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Former diplomat warns Muslim millennials not to rely on online channels in search for identity

SINGAPORE — In a post-9/11 world, young Muslims across the globe are questioning what it means to be Muslim, and more often than not, they are turning to the Internet to seek answers to questions their elders used to give them.

From left: Professor Mark Juergensmeyer, Ms Farah Pandith, Dr Shashi Jayakumar and Professor Jonathan Fox at the Forum on Religion, Extremism and Identity Politics.

From left: Professor Mark Juergensmeyer, Ms Farah Pandith, Dr Shashi Jayakumar and Professor Jonathan Fox at the Forum on Religion, Extremism and Identity Politics.

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SINGAPORE — In a post-9/11 world, young Muslims across the globe are questioning what it means to be Muslim, and more often than not, they are turning to the Internet to seek answers to questions their elders used to give them.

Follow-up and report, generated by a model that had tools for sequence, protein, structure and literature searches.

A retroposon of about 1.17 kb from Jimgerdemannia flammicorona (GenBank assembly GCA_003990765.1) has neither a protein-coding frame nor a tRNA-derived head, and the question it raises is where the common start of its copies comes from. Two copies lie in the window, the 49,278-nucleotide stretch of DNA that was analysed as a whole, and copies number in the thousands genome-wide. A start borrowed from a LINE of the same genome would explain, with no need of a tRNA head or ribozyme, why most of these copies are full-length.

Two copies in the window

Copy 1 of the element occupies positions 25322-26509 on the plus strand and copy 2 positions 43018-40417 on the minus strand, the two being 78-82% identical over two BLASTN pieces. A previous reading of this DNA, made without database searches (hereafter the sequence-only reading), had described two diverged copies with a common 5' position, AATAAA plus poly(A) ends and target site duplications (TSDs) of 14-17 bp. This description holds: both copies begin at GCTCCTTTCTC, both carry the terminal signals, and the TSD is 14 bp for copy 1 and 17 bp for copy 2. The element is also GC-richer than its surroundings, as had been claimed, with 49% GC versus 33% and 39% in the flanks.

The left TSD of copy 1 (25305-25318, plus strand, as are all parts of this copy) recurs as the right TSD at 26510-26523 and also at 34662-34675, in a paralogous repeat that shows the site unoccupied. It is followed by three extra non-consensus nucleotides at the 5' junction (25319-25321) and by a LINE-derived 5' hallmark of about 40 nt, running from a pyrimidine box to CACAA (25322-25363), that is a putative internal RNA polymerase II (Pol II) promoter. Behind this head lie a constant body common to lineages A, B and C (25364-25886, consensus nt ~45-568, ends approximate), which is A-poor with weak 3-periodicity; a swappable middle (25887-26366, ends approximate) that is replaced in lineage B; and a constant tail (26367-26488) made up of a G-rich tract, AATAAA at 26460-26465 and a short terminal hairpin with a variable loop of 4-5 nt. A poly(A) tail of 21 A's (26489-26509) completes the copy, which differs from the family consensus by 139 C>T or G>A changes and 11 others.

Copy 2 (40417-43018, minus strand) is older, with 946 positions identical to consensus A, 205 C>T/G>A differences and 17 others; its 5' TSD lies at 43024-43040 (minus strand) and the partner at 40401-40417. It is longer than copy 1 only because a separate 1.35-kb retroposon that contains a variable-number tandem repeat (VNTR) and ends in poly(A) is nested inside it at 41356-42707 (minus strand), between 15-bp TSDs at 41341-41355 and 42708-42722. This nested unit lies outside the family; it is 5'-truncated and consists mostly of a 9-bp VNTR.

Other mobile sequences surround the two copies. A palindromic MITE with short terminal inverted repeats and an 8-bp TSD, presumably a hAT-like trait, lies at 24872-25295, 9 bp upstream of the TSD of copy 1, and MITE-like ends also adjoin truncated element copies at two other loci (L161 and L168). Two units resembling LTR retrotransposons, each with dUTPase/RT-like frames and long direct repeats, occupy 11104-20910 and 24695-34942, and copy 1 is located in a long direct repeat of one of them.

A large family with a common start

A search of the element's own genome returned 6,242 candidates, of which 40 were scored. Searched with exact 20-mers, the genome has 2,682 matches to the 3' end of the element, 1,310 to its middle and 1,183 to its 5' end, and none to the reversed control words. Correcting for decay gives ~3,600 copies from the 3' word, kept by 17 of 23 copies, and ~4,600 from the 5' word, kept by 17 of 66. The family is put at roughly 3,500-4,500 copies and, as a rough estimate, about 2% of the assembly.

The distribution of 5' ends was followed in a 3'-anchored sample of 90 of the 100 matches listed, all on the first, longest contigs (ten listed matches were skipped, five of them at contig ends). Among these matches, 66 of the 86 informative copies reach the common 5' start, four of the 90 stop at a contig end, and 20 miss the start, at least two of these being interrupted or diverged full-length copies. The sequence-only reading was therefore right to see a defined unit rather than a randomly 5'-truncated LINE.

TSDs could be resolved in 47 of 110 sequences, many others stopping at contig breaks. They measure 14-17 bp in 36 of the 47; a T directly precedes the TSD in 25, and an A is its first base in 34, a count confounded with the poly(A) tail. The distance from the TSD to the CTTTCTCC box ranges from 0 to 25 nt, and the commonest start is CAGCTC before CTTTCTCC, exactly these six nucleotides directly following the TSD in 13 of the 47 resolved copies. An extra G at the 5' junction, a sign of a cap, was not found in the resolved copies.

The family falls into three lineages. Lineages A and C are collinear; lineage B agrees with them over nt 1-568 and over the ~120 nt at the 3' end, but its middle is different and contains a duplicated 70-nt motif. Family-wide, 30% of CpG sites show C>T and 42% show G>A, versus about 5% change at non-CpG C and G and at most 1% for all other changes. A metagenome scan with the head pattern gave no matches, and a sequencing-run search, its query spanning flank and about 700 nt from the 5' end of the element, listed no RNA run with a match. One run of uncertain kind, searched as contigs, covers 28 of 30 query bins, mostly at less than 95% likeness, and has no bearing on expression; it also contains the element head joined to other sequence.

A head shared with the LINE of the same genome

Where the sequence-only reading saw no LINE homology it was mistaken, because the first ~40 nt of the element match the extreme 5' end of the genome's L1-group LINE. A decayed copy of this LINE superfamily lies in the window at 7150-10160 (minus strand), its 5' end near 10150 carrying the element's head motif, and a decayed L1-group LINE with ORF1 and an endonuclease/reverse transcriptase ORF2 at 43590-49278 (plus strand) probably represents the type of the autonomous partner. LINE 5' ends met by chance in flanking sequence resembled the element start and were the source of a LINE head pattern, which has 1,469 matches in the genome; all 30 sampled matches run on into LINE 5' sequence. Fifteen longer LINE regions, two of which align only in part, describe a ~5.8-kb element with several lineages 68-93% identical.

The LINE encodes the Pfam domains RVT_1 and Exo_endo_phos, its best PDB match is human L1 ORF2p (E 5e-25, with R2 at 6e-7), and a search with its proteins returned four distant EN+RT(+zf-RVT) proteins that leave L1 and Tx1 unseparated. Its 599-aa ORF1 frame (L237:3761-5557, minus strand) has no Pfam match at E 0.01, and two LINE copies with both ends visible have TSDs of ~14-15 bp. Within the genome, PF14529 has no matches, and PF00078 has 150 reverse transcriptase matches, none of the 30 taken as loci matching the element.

The trouble with this is that it puts them in danger of being radicalised, former American diplomat Farah Pandith said at a conference titled Forum on Religion, Extremism and Identity Politics on Wednesday (July 24).

In her speech at the forum, which was jointly organised by the Institute of Policy Studies and the Ministry of Home Affairs, Ms Pandith highlighted that there are 1.6 billion Muslims in the world, with a billion of them under the age of 30.

Given the huge number of young Muslims, it is important to take this into consideration when shaping the conversation that society conducts in the battle against extremism.

Ms Pandith, who was the first-ever special representative to Muslim communities during United States president Barack Obama’s administration, said that ever since the Sept 11 attack in 2001, intense media coverage on Islam and Muslims have “radically changed the feeling of what it means to be Muslim”.